Teachers Union Officially Files 10-Day Strike Notice
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Updated 08/29/12 – 9:57 p.m.
CHICAGO (CBS) – A strike by Chicago Public Schools teachers could be just days away, after the Chicago Teachers Union filed a 10-day strike notice amid a continuing contract stalemate.
The union officially filed its 10-day notice with the Illinois Education Labor Relations Board Wednesday afternoon.
The letter notifies the school district of the union’s “intent to strike after at least ten calendar days.”
The move was not unexpected, but also was not what parents and school officials wanted to hear.
CBS 2’s Derrick Blakley reports the move means more than 26,000 public school teachers, clinicians and paraprofessionals could go on strike as early as Sept. 10, although there is no guarantee teachers will do so.
No actual strike date has been set. The union’s House of Delegates plans to meet Thursday, and could set an official strike date at that meeting.
Wednesday afternoon, CTU President Karen Lewis told reporters there’s been so little progress in ongoing contract talks, that the union had no choice but to act.
Lewis said, “This is a difficult decision for all of us to make, but this is the only way to get the [Chicago Board of Education’s] attention.”
She said the CPS administration has fought the union every step of the way, and seems in constant need of a wakeup call. She said the 10-day strike notice should provide one.
CBS 2’s Dana Kozlov reports Lewis said the strike notice is just the latest in a string of actions intended to move along negotiations with CPS.
“They didn’t start negotiating seriously until we put 10,000 people in the street on May 23rd,” Lewis said, referring to a massive rally by teachers, parents and others in support of better pay for teachers in a new contract. “They didn’t start really negotiating seriously until we took a strike authorization vote. And then, again, they didn’t start really negotiating seriously until we got the fact-finder’s report back.”
Lewis also blasted CPS policies, saying students essentially have been called failures, by being told their progress is never enough, and by constantly setting the bar higher. She also said teachers feel insulted.
“CPS seems determined to have a toxic relationship with its employees. We have been belittled, bullied, and betrayed by this administration. Our members are demoralized, and this district is doing all it can to take the joy out of teaching and learning,” Lewis said.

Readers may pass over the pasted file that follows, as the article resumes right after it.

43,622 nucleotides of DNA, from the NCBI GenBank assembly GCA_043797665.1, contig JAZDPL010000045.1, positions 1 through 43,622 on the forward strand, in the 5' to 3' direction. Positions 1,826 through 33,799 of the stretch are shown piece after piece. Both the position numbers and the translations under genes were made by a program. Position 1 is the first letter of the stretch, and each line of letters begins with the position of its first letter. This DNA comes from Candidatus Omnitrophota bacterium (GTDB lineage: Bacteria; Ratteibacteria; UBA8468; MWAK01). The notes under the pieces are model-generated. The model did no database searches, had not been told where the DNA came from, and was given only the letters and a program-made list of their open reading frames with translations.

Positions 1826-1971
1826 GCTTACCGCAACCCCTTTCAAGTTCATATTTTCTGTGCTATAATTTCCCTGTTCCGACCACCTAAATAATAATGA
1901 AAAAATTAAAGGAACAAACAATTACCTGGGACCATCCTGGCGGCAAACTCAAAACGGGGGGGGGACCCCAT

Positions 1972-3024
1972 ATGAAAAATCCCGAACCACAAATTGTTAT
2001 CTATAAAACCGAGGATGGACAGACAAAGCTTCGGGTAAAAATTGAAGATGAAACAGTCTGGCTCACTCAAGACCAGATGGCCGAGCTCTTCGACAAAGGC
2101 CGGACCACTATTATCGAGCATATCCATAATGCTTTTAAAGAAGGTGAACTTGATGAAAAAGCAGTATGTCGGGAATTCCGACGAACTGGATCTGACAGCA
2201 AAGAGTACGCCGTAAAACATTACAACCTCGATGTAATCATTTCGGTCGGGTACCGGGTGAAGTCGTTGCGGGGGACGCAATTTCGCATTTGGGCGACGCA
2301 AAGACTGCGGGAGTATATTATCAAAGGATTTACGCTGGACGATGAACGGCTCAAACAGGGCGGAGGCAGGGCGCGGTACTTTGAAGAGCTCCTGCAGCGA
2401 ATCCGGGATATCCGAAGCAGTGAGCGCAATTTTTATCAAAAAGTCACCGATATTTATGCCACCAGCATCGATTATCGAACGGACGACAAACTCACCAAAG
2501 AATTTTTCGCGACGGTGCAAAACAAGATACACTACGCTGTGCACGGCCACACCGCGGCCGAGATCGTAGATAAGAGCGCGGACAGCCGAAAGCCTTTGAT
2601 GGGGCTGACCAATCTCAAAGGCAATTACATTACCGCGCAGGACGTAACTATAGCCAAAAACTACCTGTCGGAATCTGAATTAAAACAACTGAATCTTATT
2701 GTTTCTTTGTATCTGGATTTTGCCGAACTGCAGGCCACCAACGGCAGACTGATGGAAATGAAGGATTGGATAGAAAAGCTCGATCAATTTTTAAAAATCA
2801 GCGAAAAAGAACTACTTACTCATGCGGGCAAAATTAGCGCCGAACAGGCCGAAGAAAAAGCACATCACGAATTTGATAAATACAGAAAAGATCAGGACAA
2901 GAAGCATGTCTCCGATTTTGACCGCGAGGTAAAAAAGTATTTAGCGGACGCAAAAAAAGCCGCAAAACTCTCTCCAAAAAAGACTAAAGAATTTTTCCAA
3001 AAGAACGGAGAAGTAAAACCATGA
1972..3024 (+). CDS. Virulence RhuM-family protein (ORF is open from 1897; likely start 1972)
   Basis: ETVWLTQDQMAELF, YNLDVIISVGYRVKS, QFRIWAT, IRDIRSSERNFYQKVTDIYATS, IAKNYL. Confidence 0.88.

She pointed to a list of grievances that have damaged the district’s credibility with teachers.
“They denied us our 4 percent raises, when there was money in the budget to honor our agreement,” Lewis said. “They attempted to ram a poorly-thought-out longer school day down our throats, and on top of that, they want us to teach a new curriculum.”
According to Lewis, the two sides still haven’t discussed pay, and several other key issues. Despite that, she said the union intends to remain at the table, even if teachers walk.
“We want people to understand that this step is a necessary step, and – frankly – one that could have been avoided, had CPS worked with us from the very beginning,” she said. “Instead, they have fought us every step of the way.”
Lewis said the progress being made in contract talks is on little issues, such as lunch periods. She said, if achieving a contract were a 100-step process, they’d be on step 23.
“We will have a contract, and it will come the easy way, or the hard way,” Lewis added.
Earlier Wednesday, CPS Chief Executive Officer Jean-Claude Brizard said the last thing public school students need is a strike, but said the system must be prepared in case teachers walk out.
The school board has earmarked $25 million to fund a strike contingency plan.
A number of activities and services would be offered to students, but instruction wouldn’t be one of them.
“We cannot provide classroom teaching for our kids. That’s unfortunate, because – again – they’ll be losing a lot. So that’s the one thing we cannot provide for. We’re looking for what else we have to provide, as a community, to make sure our kids are safe, and are fed.”
CPS has confirmed it will partner with community organizations and non-profit groups to provide various activities in the event of the strike. Many of the alternative sites will be at those community organizations and non-profits, not at school buildings.
CPS has been holding back on announcing the details and locations of the activities that would be provided under its contingency plans.
Now that strike notification has been filed, a schools spokesman said you can expect those details to be coming soon, so parents have time to plan.